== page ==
Friday afternoon, Charlie's teacher emailed that another incident report has already been filed; she didn't mention specifics (she wrote about a "rough patch"). O where o where is the high-powered autism consultant? It would be well for her, and for the school district, to figure out why this sort of things keeps happening, by doing a Functional Behavior Analysis. Jim and I had his former ABA/Lovaas consultant observe him during summer school. And I have repeatedly sent Charlie's teacher and other school personnel and administrators links to my writing about Charlie, and Jim's and my understanding about we have been able to help him be "peaceful easy-feeling." We're just parents, though---I'm "mom," as a school speech therapist wrote in her evaluation---and people, and school districts (and their lawyers), make their own decisions about how they will proceed.
We have a meeting scheduled with the district for the 25th of September, next Friday. We are still seeking an emergency meeting ASAP with the school district (who seems to be unable to schedule anything unless a specific case manager is around).
In the midst of this intense ridiculous ridiculousness---including a letter from the Special Education Director asking me where was the $9.75 the Board of Education charged us to get xeroxes of Charlie's file (I reviewed our bank records and saw that our cheque for the $9.75 was deposited by the district on the 3rd of September)---Charlie has been a trooper. Friday I picked him up early from school. He's constantly shadowed at school by at least two aides/teachers, one of whom is always a guy, and they were standing beside him when I walked into the school office. I removed his helmet, wished everyone a good weekend, and 5-foot-tall me walked out with 5-foot-6-1/2-inch-tall Charlie behind me. (He looks like he might be one of the taller kids in the school, period.....he's basically the same height as many teachers and staff there, including the Assistant Principal with the walkie-talkie/phone permanently in his back pocket.)
Charlie had a (Child Study Team paid for) neuropsychological/educational evaluations and, after a balky start, it went well (though not too much actual testing was done of him). Jim and I discussed our concerns about the school district and Charlie's placement. As the doctor's office was in the same town as the nursing home where Jim's mother has been since the summer, we went to see her. She is in a private room near the nursing station so there is fair amount of hustle and bustle outside her door, but it's very quiet in her room, aside from the drone of the TV. She has lost her sight in one eye. I don't think she ever leaves the room: She is just lying there; she never was one too walk much (she had knee replacement surgery a few years ago, but already had trouble getting herself into motion before that). Charlie always walks up to the foot of her bed and says "Hi Granma, hi Granma" several times, and Jim sits down beside her to talk, though her sense of things fades in and out. (Friday afternoon, she talked about Jim being a priest.) "I want to go where you're going," she said.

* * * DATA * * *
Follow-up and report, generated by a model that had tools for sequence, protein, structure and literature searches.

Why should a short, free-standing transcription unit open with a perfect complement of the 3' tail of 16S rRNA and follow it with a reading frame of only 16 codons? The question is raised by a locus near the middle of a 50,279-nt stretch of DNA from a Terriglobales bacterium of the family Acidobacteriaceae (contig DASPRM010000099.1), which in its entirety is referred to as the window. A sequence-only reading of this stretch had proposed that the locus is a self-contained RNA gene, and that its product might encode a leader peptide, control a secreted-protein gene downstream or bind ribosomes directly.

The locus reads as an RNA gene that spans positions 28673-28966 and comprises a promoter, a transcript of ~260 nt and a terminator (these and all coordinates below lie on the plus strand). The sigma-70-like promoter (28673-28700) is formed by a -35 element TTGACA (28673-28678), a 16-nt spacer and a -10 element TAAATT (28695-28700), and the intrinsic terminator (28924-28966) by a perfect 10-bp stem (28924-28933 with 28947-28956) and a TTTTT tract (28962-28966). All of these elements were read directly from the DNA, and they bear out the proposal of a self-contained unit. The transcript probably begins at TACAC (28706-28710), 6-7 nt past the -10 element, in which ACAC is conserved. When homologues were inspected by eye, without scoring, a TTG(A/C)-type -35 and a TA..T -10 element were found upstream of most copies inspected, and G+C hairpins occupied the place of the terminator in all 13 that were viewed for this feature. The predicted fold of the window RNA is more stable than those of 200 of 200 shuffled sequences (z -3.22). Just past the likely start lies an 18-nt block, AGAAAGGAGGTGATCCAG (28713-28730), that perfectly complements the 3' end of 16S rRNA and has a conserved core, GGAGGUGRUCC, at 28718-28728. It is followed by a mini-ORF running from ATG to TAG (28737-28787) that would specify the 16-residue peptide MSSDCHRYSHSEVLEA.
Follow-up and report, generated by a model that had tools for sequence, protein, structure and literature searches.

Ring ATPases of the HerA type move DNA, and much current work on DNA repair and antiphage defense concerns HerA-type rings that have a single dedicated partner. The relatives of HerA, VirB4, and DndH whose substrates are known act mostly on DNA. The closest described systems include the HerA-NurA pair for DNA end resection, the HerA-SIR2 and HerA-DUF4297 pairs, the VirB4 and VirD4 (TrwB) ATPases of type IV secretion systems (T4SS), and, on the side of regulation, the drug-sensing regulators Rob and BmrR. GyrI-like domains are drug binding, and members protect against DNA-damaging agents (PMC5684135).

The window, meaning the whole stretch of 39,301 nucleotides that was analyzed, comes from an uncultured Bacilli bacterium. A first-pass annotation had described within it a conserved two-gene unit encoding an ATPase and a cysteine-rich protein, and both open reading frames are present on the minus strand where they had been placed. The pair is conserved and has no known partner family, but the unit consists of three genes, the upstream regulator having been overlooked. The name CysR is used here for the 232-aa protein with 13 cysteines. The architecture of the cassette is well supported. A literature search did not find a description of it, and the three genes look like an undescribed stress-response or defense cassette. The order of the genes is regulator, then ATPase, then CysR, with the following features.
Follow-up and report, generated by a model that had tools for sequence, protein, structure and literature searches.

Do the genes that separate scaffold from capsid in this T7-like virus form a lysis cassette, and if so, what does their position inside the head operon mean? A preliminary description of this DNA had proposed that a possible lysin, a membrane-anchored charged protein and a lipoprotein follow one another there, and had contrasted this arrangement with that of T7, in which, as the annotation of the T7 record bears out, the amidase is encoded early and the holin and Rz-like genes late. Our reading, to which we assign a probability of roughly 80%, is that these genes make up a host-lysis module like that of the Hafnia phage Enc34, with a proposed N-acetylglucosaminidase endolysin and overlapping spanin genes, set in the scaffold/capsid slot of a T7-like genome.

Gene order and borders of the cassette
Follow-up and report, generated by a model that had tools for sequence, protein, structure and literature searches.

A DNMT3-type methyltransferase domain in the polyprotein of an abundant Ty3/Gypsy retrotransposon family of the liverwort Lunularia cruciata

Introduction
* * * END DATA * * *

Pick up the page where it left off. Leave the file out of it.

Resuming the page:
Jim sat with her for some time, while Charlie and I went back to the car. After Jim came back, I asked him if we might try to get his mom in a wheelchair and sit with her outside in front of the nursing home---I mean, she's been in that same room for weeks and weeks and weeks. I guess it's the native California in me: I always think sunlight and fresh air can make a difference, even a little one. I know it's not possible, but I wish we could take to see the ocean once more. The beach where we go is where Jim and his family vacationed when he was little and, while they didn't have quite the tight team o' three togetherness that he and Charlie and I do, Jim and his mom always loved being there. I know that, as much as she'd like to get up and leave, just getting her into a wheelchair is going to be a major challenge.
Jim and I always more than heartened to see how eager Charlie is to see his grandmother. Charlie has spent a lot of time with her. We moved back to New Jersey in 2001 and saw Jim's parents almost every weekend until we moved into their house in June of 2006, so Charlie could start going to school in the town they'd lived in for 30 years. The autism program that Charlie's in is a newcomer to the district (and showing signs of growing pains, possibly severe?)
We can't let kids like Charlie be nickeled and dimed. We can't let them, or their families, be made to feel isolated and that we're the "problem" ruining the school district's excellent ratings as noted by the likes of Newsweek. I've been wanting to look more closely at the problems and politics of public school autism programs. I guess I'm going to be getting my chance, and then some.